By Ed Korczynski, Contributing Editor
This week at SEMICON West, KLA-Tencor Corporation announced updates to four systems—the 2920 Series, Puma 9850, Surfscan SP5 and eDR-7110—intended for defect inspection and review of 16/14nm node and below IC devices in both development and production.
The 2920 Series broadband plasma patterned wafer, Puma 9850 laser scanning patterned wafer, and Surfscan SP5 unpatterned wafer defect inspection systems deliver enhanced sensitivity and significant throughput gains. By enabling discovery and monitoring of yield-critical defects, these inspectors support chipmakers’ integration of complex structures, novel materials and new processes at leading-edge design nodes. Each of the inspection systems seamlessly connects with the eDR-7110 electron-beam review system, which uses improved automatic defect classification (ADC), providing chipmakers with accurate information to improve manufacturing yield of the most advanced commercial ICs.
Process control of advanced IC manufacturing can only occur with pragmatic use of metrology and inspection, since ‘you can’t build it if you can’t see it.’ In an exclusive interview with The Show Daily, Brian Trafas, KLA-Tencor’s chief marketing officer discussed how industry attitudes toward inspection have changed for the better in recent years, but lingering misunderstandings remain. “Even in the area of adding cycle time, some people have a pretty archaic view that this can increase cycle time,” said Trafas. “But if you don’t monitor you can put an enormous number of lots at risk.”
Multiples of all four systems have been installed at foundry, logic, and memory manufacturers worldwide, where they are being used for development and production at advanced technology nodes. All four systems are expected to be shipping to customers in volume in the second half of this year.
However, due to industry consolidation, there are perhaps only five organizations remaining that are pushing IC manufacturing down to sub-22nm node technology. Each organization is understandably concerned about information leaking to competitors, and so each organization insists upon extreme confidentiality when evaluating strategic manufacturing technology such as that involved in defect inspection and review. KLA-Tencor has customer-specific modifications to it’s tools, and each customer will build its own database of defect signatures using its own proprietary test structures.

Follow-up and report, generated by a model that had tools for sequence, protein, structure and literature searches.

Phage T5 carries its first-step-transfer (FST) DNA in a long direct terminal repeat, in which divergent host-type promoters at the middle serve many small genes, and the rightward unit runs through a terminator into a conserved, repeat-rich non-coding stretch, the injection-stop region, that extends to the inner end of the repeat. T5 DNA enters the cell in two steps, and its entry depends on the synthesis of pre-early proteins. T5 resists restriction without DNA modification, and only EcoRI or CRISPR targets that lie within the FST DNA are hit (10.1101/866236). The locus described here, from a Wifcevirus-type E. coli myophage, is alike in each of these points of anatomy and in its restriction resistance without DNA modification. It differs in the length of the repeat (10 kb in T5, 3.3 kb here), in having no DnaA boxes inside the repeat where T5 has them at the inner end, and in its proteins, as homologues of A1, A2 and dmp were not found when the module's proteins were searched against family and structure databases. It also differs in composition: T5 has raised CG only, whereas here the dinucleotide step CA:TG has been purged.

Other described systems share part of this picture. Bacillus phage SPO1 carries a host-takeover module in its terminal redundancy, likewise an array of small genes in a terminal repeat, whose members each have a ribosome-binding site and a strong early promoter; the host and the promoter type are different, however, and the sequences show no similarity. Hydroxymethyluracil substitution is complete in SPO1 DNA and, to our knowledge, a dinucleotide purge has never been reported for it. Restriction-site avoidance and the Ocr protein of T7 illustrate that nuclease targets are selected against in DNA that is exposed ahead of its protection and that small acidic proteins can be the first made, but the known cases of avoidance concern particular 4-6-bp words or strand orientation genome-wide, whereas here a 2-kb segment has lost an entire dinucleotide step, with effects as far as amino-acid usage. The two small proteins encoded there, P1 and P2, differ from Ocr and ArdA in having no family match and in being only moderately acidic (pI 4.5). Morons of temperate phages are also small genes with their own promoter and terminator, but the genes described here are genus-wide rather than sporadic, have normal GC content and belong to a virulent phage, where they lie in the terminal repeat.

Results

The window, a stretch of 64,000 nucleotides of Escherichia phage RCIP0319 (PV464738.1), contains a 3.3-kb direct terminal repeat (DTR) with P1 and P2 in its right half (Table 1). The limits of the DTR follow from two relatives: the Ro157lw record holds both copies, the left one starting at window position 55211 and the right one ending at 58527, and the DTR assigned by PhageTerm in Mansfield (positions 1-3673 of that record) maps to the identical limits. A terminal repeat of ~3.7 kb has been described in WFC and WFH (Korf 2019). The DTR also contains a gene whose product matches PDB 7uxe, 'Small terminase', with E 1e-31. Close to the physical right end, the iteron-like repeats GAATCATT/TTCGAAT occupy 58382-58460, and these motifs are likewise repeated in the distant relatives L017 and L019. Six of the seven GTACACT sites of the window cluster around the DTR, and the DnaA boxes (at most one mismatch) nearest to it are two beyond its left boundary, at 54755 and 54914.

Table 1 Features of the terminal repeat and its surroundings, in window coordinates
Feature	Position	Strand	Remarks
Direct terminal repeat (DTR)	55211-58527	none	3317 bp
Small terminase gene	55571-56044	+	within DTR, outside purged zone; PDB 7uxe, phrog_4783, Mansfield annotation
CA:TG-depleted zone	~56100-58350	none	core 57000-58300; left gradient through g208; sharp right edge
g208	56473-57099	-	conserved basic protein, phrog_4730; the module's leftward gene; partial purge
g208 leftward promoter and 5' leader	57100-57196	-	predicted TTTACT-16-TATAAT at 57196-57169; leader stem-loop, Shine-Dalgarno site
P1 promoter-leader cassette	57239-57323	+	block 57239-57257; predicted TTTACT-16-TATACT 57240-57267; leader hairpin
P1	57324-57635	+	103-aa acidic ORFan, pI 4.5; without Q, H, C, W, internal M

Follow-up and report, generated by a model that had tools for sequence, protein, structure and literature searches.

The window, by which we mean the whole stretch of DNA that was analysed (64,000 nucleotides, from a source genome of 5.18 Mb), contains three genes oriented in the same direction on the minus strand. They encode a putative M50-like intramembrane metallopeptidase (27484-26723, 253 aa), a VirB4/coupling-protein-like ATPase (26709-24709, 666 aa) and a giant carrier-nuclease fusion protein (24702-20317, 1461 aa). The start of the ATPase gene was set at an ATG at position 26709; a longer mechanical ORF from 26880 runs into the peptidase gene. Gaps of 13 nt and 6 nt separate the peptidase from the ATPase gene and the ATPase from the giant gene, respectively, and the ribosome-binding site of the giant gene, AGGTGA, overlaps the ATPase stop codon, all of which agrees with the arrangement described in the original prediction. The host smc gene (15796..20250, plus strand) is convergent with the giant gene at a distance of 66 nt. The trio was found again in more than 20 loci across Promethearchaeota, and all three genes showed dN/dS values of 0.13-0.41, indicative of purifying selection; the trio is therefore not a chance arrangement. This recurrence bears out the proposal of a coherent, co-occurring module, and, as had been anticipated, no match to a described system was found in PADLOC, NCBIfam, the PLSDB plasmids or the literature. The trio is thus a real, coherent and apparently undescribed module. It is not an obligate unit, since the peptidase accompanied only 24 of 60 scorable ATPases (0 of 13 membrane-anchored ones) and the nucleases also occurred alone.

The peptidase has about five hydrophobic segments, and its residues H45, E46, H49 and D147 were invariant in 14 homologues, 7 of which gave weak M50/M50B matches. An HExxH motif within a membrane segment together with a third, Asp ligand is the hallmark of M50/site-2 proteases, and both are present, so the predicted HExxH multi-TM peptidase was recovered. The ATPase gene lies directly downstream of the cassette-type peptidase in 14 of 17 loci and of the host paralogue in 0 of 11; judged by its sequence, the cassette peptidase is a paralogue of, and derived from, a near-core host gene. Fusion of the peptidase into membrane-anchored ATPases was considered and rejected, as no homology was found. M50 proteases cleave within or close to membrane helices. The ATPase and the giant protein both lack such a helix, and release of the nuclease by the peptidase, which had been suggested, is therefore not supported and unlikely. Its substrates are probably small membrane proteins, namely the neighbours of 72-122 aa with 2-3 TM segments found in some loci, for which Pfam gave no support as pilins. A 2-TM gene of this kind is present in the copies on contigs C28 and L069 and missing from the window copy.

“There are general things that are the same, like if it’s a poly layer it’s best to use a certain wavelength,” elaborated Trafas, “but beyond that the device differences lead each customer to optimize inspection in different ways.”
Broadband Inspection of Patterned Wafers
Broadband inspection of patterned silicon wafers is needed both in R&D and in volume production of advanced ICs. Different wavelengths reflect differently from different thin-film materials, and the ability to capture broadband information thereby proves more valuable as the industry integrates more materials into advanced device structures. For example, advanced on-chip copper interconnects may use cobalt and ruthenium barrier layers.
“Our competitor, Applied Materials, has a single-wavelength laser…but depending upon the material you may get better resolution with a different wavelength,” explained Trafas. “We are the only company providing a broadband source from a plasma, and that’s unique intellectual property from KLA-Tencor that we’re also using on our metrology tools.”
KLA-Tencor began investing in this broadband plasma source technology around 10 years ago, the first-generation was released four years ago with the 2835 tool, and the second-generation was released two years ago with the 2900 tool.
Using a third-generation broadband plasma illumination source, the 2920 platform delivers twice the light of its predecessor, enabling the use of a new deep ultra violet (DUV) wavelength band and the industry’s smallest optical inspection pixel. Along with new advanced algorithms, these optical modes boost sensitivity to subtle protrusions, tiny bridges and other pattern defects on complex IC device architectures, such as FinFETs. The 2920 tool’s Accu-ray and Flex Aperture technologies combine to provide the best optical settings for capture of critical defect types, significantly reducing the time required to discover and solve process and design issues. The company claims that instead of the days formerly required to establish a new R&D inspection recipe for a new material in a novel device, the new algorithms and recipes allow for setup in just a few hours.
“We’ve pushed the sensitivity of the tool in die-to-die comparison mode to see thousands of signals, but some are spurious so the algorithms are needed to extract new defect types,” elaborated Trafas. “The tool can resolve 10nm defects. This is an optical-based tool, so some people say that even if you’re in the DUV range you can’t resolve 10nm. They’re somewhat correct, but all we’re trying to do is resolve the differences between dice. In some cases we use a contrast mode, where we suppress data from one layer and enhance data from another layer based on the different frequencies. The result is the best overall sensitivity and the best overall capture rate.”